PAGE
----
What to Expect While Recovering from Foot Surgery

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While every type of foot surgery is different, the basics of care after surgery are often similar. Knowing what to expect as you recover will help you prepare ahead of time and let you focus on getting better. 

Time to Rest

It’s likely you’ll need to rest your foot for some time after surgery, to give it a chance to heal. Depending on your type of surgery, you may need a few days or several weeks to recover. During this time, you may need to use a cane, walker or crutches to help keep weight off your foot. Your doctor will tell you when it’s safe to start walking and driving. 

Elevation and Ice

After many types of foot surgery, you will be asked to ice your foot and keep it elevated (at the level of your heart) as much as possible for a few weeks. This will help minimize pain and swelling. 

Wearing a Cast or Boot

After surgery, you may need to wear a cast or boot to protect your foot during recovery and help you walk. Your doctor will tell you how long you need to keep your foot in the boot or cast and give you any specific instructions. 

Caring for Bandages and Dressings

After some procedures, such as bunion or fusion surgeries, you may have bandages or dressings on your foot. You’ll need to keep the dressings clean and dry and cover them with a plastic bag when you shower. Your doctor may give you more specific instructions on how to care for your dressings.

Removing Stitches and Staples

Stitches or staples are usually removed about 2 to 3 weeks after your surgery. If you also had pins inserted during surgery, your doctor will often remove them after a few weeks, too. 

Physical Therapy

Depending on the type of surgery you have, your doctor may recommend physical therapy to improve the movement in your foot. Or, your doctor may suggest you do certain types of stretches or exercises on your own at home. It’s important to keep your physical therapy appointments for the best recovery possible.

Watching for Signs of Complications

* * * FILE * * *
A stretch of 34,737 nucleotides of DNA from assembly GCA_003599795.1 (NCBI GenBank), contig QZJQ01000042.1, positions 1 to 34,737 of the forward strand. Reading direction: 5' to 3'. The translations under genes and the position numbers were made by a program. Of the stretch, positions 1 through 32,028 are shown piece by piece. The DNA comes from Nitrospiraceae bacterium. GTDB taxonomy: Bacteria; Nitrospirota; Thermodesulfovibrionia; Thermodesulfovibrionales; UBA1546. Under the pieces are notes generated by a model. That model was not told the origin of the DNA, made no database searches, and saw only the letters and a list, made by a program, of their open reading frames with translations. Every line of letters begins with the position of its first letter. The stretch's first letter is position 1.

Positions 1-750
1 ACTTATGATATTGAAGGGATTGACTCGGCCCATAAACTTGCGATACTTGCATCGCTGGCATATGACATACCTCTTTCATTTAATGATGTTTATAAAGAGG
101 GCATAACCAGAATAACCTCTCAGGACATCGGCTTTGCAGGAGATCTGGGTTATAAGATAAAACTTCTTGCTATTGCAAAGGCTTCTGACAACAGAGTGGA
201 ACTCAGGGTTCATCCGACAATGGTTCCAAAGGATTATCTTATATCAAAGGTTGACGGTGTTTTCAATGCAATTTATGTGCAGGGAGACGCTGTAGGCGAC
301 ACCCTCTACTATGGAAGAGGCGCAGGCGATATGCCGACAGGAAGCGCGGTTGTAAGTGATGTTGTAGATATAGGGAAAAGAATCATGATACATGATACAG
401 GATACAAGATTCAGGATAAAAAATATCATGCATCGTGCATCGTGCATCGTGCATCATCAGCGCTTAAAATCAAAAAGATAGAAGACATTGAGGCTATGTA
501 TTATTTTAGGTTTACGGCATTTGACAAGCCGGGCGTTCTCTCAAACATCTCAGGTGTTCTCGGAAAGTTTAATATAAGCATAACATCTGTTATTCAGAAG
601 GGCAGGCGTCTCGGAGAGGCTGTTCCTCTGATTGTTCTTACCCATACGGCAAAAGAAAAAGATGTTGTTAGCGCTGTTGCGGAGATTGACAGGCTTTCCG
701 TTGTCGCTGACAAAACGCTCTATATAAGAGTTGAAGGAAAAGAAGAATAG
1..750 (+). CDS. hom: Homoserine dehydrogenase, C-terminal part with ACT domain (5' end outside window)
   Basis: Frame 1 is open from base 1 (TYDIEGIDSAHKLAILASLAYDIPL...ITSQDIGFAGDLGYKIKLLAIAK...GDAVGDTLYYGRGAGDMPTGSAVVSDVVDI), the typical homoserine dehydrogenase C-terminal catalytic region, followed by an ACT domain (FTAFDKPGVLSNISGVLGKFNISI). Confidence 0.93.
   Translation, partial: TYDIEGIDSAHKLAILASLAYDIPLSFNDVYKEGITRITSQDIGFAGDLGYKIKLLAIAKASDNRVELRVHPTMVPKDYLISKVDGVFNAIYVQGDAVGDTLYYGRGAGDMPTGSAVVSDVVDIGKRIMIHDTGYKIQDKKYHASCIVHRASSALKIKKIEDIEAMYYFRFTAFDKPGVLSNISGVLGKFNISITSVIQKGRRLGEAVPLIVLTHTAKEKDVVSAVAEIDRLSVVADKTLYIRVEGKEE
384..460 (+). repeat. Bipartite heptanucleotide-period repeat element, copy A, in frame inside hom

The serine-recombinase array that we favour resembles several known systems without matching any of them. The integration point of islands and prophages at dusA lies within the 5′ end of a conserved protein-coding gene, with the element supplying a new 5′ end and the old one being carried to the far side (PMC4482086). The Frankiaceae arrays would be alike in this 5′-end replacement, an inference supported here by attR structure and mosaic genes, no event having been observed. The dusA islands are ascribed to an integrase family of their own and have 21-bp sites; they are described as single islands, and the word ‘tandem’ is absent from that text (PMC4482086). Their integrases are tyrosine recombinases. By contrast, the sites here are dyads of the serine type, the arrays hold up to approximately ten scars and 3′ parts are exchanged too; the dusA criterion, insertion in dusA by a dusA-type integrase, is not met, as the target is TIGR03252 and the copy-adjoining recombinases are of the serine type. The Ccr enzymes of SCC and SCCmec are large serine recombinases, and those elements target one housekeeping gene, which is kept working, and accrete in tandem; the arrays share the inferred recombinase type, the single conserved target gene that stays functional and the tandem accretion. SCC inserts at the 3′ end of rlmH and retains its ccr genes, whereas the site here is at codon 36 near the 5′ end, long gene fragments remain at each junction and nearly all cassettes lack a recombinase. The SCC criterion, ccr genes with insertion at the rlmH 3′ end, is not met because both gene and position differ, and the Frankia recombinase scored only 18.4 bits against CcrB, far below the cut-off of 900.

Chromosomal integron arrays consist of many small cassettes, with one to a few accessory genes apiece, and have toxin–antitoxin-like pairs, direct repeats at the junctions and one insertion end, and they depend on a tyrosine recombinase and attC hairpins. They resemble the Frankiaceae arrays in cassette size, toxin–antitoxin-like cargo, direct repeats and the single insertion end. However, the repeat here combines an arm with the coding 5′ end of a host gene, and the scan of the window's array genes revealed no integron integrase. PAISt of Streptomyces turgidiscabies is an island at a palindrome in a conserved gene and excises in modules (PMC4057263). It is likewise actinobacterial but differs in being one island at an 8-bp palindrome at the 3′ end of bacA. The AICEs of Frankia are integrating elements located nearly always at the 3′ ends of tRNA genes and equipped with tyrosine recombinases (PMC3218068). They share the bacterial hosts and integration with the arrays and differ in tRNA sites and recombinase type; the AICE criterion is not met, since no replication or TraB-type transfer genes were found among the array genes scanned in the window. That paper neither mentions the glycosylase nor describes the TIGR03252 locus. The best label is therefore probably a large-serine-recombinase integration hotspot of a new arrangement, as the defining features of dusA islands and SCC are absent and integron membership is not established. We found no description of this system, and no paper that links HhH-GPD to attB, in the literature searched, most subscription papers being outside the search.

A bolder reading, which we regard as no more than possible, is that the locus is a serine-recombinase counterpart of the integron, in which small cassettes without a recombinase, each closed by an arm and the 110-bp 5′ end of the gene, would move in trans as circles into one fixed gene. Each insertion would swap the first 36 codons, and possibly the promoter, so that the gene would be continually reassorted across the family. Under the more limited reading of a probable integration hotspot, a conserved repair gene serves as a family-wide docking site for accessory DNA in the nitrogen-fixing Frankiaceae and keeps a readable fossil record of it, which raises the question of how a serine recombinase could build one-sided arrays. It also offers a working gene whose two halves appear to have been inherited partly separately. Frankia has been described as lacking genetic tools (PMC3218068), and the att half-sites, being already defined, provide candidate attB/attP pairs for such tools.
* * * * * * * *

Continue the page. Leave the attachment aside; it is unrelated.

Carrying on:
Your doctor will give you a list of warning signs—such as fever, chills or pain that doesn’t go away—to look for after surgery. These signs could mean there’s a problem with your recovery, such as infection. Let your doctor know right away if you have any of these signs or you are concerned about other symptoms.

Visits With Your Doctor

In most cases, you’ll visit your doctor a couple of weeks after surgery to see how your foot is healing. At this time, your doctor may give you extra instructions about how to care for your foot. It’s a good time to ask questions, but if you have any questions about your recovery before this visit, don’t hesitate to call your doctor. For example, you might call if you have questions about swelling or pain or if you’re experiencing side effects from your medicines.

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Medical Reviewer: William C. Lloyd III, MD, FACS
Last Review Date: 2019 Mar 30
THIS TOOL DOES NOT PROVIDE MEDICAL ADVICE. It is intended for informational purposes only. It is not a substitute for professional medical advice, diagnosis or treatment. Never ignore professional medical advice in seeking treatment because of something you have read on the site. If you think you may have a medical emergency, immediately call your doctor or dial 911.

  1. Bunion surgery. American Academy of Orthopaedic Surgeons. http://orthoinfo.aaos.org/topic.cfm?topic=a00140

  2. Hammertoe surgery. American Orthopaedic Foot & Ankle Society. http://www.aofas.org/footcaremd/treatments/Pages/Hammertoe-Surgery.aspx

  3. Lesser metatarsal shortening osteotomy. American Orthopaedic Foot & Ankle Society. http://www.aofas.org/footcaremd/treatments/Pages/Lesser-Metatarsal-Shortening-Osteotomy.aspx

  4. Naviculocuneiform fusion. American Orthopaedic Foot & Ankle Society. http://www.aofas.org/footcaremd/treatments/Pages/Naviculocuneiform-Fusion-.aspx

  5. Plantar fascia release. American Orthopaedic Foot & Ankle Society. http://www.aofas.org/footcaremd/treatments/Pages/Plantar-Fascia-Release.aspx

  6. Surgery. American Podiatric Medical Association. http://www.apma.org/Learn/FootHealth.cfm?ItemNumber=1560

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